Croydon is home to one of the UK’s largest Business Improvement Districts in its town centre. The town centre is also covered by a Public Space Protection Order, a piece of legislation that is aimed at tackling anti-social behaviour in communities by targeting and prohibiting certain activities.
We have spoken to Josie Appleton of the Manifesto Club, a London-based activist group concerned with PSPOs, as well as the CEO of Croydon BID, Matthew Sims, in order to gain two perspectives into the different effects of PSPOs. How important are PSPOs to business districts? Are businesses investing in policing and public spaces evidence of gentrification? Or is it simply necessary to ensure safer and cleaner streets?
Researcher and activist Josie Appleton expressed her concern at the authority that councillors have when implementing these PSPOs. “We’ve never had such a blank cheque power, the idea that a single councillor can write something that will be law the next day, is absolutely shocking in terms of lawmaking. I don’t think it’s an effective way of tackling the daily problems councils face.”
Appleton explains that groups with special interests, such as the police, may be in contact with councillors in order to request PSPOs for specific areas or target specific behaviours such as dog-walking.
“The police are definitely a big source of pressure; they ask for the PSPOs that they want and that they can enforce. It’s a scary situation really because the police are writing the law, so they have the power to ask people to leave public spaces. I think there’s also local campaigners, so the kind of slightly curmudgeonly, disapproving local resident, who writes a lot of letters to the council, they can get PSPOs that put controls on dog walking for example, if the person or councillor doesn’t like dogs. I think they can be subject to various forms of pressure and business interests, and kind of a social cleansing agenda. The problem is any special interest group can use PSPOs to get their way.”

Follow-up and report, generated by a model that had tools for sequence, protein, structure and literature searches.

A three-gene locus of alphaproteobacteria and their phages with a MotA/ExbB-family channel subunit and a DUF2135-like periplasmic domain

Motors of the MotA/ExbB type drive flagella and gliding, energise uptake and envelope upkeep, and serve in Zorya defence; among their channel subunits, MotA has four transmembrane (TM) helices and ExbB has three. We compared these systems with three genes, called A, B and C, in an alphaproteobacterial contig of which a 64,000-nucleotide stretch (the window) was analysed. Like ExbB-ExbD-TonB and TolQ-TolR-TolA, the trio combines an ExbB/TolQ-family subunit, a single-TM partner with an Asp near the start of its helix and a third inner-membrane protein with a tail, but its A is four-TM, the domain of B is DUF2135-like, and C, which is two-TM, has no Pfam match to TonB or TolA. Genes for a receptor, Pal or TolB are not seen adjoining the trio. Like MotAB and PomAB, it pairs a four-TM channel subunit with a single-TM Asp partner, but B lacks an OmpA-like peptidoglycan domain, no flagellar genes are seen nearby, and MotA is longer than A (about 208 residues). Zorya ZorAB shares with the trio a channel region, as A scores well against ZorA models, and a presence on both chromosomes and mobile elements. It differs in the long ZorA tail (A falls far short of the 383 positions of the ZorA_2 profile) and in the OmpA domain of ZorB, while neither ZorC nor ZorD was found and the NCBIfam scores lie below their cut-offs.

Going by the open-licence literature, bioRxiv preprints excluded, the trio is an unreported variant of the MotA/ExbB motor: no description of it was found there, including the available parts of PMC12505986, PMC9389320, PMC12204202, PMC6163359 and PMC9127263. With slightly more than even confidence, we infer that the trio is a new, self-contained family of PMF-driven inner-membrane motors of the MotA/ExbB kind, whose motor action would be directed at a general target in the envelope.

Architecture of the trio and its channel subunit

“I think the trend of cracking down on anything seen as objectionable definitely goes back to the large amounts of regeneration in the 90s and early 2000s, as well as the privatisation and the formation of BIDs”
When asked about the groups of people targeted by PSPOs, Appleton says that young people are targeted though crackdowns on behaviour such as ball games and skateboarding, as well as homeless people through behaviours such as rough sleeping and busking. Appleton then went on to say that if you look at the groups of people who are being targeted by PSPOs, there is “definitely” a link between PSPOs and gentrification.
“Obviously, the terms used in the PSPOs are very subjective, such as: ‘detrimental effects on the quality of the life of the area.’ It basically amounts to something that people find distasteful or unpleasant. I think the trend of cracking down on anything seen as objectionable definitely goes back to the large amounts of regeneration in the 90s and early 2000s, as well as the privatisation and the formation of BIDs. That’s when you get crackdowns on busking and street drinking and that sort of thing, and private security guards patrolling public squares, so there’s definitely a link.”